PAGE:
The hospital is an invention that was both medical and social, and today it is an institution we take for granted, hoping rarely to need it but grateful for it when we do. Almost anywhere in the world now, we expect a hospital to be a place where we can receive ease from pain and help for healing in times of illness or accidents.
A long line of caliphs, sultans, scholars, and medical practitioners took ancient knowledge and time-honoured practices from diverse traditions and melded them with their original research to feed centuries of intellectual achievement and drive a continual quest for improvement.
In the late ninth century, a leading physician, and polymath Muhammad Ibn Zakariya Al- Razi helped establish a bipartisan – hospital – in Baghdad staffed with 25 doctors, optometrists, surgeons, and bonesetters. The bipartisan served variously as a centre of treatment, a convalescent home for those recovering from illness or accidents, a psychological asylum and a retirement home that give basic maintenance to the aged and infirm who lacked a family to care for them.
The bipartisan was but one important result of a great deal of energy and thought medieval Islamic civilizations put into developing the medical arts. There were medical schools and libraries where senior physicians taught students how to apply their growing knowledge directly with patients. Hospitals set examinations for the students and issued diplomas.
In early medieval Europe, the dominant philosophical belief held that the origin of illness was supernatural and thus uncontrollable by human intervention: As a result, the hospital was little more than hospices where patients were tended by monks who strove to assure the salvation of the soul without much effort to cure the body.
Muslim physicians took a completely different approach.
Prophet Muhammad (PBUH) says: –
“God never inflicts a disease unless he makes a cure for it.”
In the Islamic cities, which largely benefited from drier, warmer climates, hospitals were set up to encourage the movement of light and air. The first Muslim hospital was only a leprosarium – an asylum for lepers – constructed in the early eighth century in Damascus under Umayyad caliph Walid ibn Abd- al-Malik. Over the following decades, 34 more hospitals sprang up thought out the Islamic world, and the number continued to grow each year.
In Egypt, the first hospital was built in 872 in the southwestern quarter of Fustat, now part of Cairo, by the Abbasid governor of Egypt, Ahmad Ibn Tulun.In the Iberian Peninsula, Cordoba alone had 50 major hospitals. Some were exclusively for the military and the doctors there supplemented the specialists who attended to the caliphs, military commanders, and nobles.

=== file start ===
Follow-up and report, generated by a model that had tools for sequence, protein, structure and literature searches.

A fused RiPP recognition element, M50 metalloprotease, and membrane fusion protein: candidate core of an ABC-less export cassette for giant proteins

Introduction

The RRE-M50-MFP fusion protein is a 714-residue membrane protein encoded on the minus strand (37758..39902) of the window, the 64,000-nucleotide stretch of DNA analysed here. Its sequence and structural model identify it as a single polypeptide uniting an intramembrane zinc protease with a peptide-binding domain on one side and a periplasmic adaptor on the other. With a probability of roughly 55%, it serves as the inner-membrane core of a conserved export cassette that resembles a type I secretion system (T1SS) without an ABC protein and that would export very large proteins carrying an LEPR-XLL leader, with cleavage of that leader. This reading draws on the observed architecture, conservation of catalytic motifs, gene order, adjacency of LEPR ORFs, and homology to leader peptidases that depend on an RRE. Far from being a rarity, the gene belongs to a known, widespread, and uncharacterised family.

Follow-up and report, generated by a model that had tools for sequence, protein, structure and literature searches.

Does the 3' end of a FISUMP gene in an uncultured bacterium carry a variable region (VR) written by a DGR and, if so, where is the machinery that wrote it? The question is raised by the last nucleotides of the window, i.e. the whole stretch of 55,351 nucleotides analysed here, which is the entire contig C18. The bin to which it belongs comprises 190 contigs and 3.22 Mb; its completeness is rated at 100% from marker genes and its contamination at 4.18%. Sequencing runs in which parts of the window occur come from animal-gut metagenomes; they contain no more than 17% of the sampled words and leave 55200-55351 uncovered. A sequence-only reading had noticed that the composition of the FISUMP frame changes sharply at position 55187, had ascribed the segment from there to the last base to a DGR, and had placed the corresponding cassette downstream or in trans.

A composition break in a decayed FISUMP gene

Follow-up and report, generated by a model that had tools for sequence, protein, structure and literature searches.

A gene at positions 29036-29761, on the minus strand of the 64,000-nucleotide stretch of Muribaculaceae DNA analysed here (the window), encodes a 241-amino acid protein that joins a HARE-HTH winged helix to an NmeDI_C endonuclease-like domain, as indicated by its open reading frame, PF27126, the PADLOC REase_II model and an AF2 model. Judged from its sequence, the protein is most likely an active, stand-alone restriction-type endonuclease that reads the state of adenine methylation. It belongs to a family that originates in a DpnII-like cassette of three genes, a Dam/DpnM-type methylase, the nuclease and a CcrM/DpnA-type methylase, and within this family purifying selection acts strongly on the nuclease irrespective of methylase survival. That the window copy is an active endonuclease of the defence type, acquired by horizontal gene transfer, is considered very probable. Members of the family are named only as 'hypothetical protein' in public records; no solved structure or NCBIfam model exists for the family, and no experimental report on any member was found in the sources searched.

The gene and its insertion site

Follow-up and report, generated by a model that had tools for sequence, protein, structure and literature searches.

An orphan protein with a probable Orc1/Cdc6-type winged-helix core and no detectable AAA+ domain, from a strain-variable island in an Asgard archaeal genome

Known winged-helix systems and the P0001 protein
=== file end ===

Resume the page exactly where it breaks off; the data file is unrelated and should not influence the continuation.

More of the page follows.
Islamic hospital was subdivided into departments such as systemic diseases, surgery, ophthalmology, orthopaedics’, and mental diseases. And it was usually further subdivided into sections dealing with fevers, digestive problems, infections and more.
Hospitals were staffed also with a sanitary inspector who was responsible for assuring cleanliness and hygienic practices. In addition, there were accountants and other administrative staff to assure that hospital conditions – financial and otherwise – met standards. Medical staff salaries were fixed by law, and compensation was distributed at a rate generous enough to attract the talented.
To patients, the services of the hospital were free, though individual physician occasionally charged fees. Bimaristan were open to everyone on a 24 – hour basis. Special measures were taken to prevent infection. When taken to the hospital ward, patients would find beds with clean sheets and special stuffed mattresses ready. The hospital rooms and ward were neat and tidy with abundant running water and sunlight.
Inspector evaluated the cleanliness of the hospital and the rooms daily. Patients were placed on a fixed diet, depending on condition and disease. The food was of high quality and included chicken, beef and lamb, and fresh fruits and vegetables.
Patients who were cured but too weak to discharge were transferred to the convalescent ward until they were strong enough to leave. Needy patients were given new clothes, along with a small sum to aid them in re-establishing their livelihood. In addition to the permanent hospital’s cities and major towns also had first aid and acute care centres.
Because one of the major roles of the hospitals was the training of physicians, each hospital had a large lecture theatre where students, along with senior physicians and medical officers, would meet and discuss medical problems in seminar-style.
There are instructions on diets and recipes for common treatments, including skin diseases, tumours, and fevers. Students were also instructed to note the colour and feel of the skin, whether hot, cool, moist, dry, or loose. Candidates were encouraged not only to study these earlier works but also to scrutinize them for possible errors.
Submitted by Maria Afzal, Hira Zaheer, Iza Kazmi and Khadija Kishwar, Date 17 January 2021.